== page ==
l§~R THE MICHIGAN DAILY
CIENTIFIC RESEARCH IMPORTANT:
Eisenhower Asks Treaty To Dispel
International Rivalry in Antarctica
Possible Clue to Cancer
transformation mimics that which
. By CHARLES STAFFORD
Associated Press Newsfeatures Writer
The United States is seeking to
dispel the cloud of conflicting ter-
ritorial claims which casts a shad-
ow over the future of Antarctica.
President Dwight D. Eisenhower
on May 3 called for a treaty that
would preserve the huge, ice-clad
continent for scientific research.
He invited 11 other nations, in-,
cluding the Soviet Union, to en-
ter into the agreement.
There is a chance 'of success.
International rivalry in the Ant-
arctic is generally polite because
no natural resources of great val-
ue have yet been found.
Explored in 19th Century
Tentatively probed by *explorers
in the 19th Century, Antarctica
snapped the world to attention in
the first decade of this century.
Within a month of each other,
Norwegian and British parties
reached the South Pole.
In 1928, Rear Adm. Richard' E.
Byrd took a highly mechanized
American expedition to Antarc-
tica and established Little Ameri-
ca. Using Byrd's base as their
starting point, later American
parties explored much of the con-
The aroused interest in Antarc-
tica touched off several territorial
claims. In 1924, Secretary of State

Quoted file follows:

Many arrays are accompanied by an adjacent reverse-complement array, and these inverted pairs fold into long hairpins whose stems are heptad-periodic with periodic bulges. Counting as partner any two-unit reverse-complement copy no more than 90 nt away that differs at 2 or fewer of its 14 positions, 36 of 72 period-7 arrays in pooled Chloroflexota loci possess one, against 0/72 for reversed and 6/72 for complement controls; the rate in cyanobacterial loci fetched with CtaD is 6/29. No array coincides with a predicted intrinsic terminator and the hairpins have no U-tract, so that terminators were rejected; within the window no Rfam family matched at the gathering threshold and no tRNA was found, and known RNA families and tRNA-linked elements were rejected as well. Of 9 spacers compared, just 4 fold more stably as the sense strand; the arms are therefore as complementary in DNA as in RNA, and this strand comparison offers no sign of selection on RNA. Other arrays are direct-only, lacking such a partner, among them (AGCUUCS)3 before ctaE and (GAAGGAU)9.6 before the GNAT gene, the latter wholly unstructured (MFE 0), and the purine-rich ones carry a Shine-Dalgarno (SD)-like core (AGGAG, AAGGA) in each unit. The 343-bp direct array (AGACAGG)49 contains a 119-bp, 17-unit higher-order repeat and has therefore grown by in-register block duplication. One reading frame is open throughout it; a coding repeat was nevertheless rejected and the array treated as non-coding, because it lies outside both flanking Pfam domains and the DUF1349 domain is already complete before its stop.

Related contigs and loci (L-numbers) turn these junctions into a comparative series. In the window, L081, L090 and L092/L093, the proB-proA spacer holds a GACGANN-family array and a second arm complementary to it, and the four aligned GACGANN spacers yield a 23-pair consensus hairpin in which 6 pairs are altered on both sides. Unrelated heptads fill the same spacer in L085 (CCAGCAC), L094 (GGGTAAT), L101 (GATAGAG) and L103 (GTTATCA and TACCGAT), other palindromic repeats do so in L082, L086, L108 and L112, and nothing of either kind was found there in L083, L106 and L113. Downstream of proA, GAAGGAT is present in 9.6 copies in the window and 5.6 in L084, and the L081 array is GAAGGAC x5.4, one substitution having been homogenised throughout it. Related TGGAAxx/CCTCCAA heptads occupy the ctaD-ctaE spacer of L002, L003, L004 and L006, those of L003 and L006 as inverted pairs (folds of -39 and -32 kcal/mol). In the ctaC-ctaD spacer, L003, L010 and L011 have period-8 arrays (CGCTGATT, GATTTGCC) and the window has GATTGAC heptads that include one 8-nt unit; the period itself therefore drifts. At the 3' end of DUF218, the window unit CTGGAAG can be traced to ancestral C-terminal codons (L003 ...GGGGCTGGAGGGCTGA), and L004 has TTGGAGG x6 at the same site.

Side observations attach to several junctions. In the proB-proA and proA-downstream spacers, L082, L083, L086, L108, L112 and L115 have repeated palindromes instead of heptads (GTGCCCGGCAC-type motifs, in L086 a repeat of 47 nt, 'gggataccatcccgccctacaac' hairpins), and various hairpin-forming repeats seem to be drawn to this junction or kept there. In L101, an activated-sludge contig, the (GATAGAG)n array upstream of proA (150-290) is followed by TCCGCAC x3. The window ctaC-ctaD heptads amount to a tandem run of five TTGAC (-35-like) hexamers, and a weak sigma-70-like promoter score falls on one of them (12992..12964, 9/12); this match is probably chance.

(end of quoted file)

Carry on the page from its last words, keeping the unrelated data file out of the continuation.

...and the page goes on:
Charles Evans Hughes stated what
has been United States policy ever
since: No claim is valid without
occupation of territory.'
Seven Nations Claim Land
The United States has never
claimed an ice-cube's worth,. of
Seven nations have: Great Brit-
ain, Norway, New Zealand, France,
Chile, Australia and Arg'entina
(see map). In the Palmer Penin-
sula, the claims of Britain, Chile
and Argentina overlap and some
friction has occurred among them.
These- nations were invited by
President Eisenhower to a treaty
conference with the United States,
Russia,. Japan, Belgium and the
Union of South Africa.'
The 12 nations are taking part
in the International Geophysical
Year program for the Antarctic.
Value to Science Stressed
In his call for a: treaty, Presi-
dent Eisenhower said:
"We propose that Antarctica
shall be open to all nations to
conduct scientific or other peace-
ful activities there. ...
"The scientific research being
conducted In that continenst. by
the cooperative efforts of dis-
tinguished scientists from many
countries is producing information
of practical as well as theoretical,
value for all mankind."
Prof. Alfred S. Sussman, of the
botany dept., hopes to find a clue
to "runaway" cells in cancer by
studying a mold often found in
Neurospora, ,the "red bread
mold" that may be grown in a
breadbox, is the object of Prof.
Sussman's efforts, for which he
has been awarded a $17,700 Na-
tional Science Foundation grant.
The grant, which covers a two-
year period, will enable him to
devote his time to a basic study of
Neurospora, he said.
To Study Ascospores
The particular aspect of Neu-
rospora on which Prof. Sussman
will work is the ascospores, or re-
productive bodies, which help it
survive rough times, such as
drought and adverse temperatures.
A specialist in fungi, Prof. Suss-
man is studying the breaking of
dormancy of ascospores in the
"Superficially, at least, this
occurs in certain types ofcancer,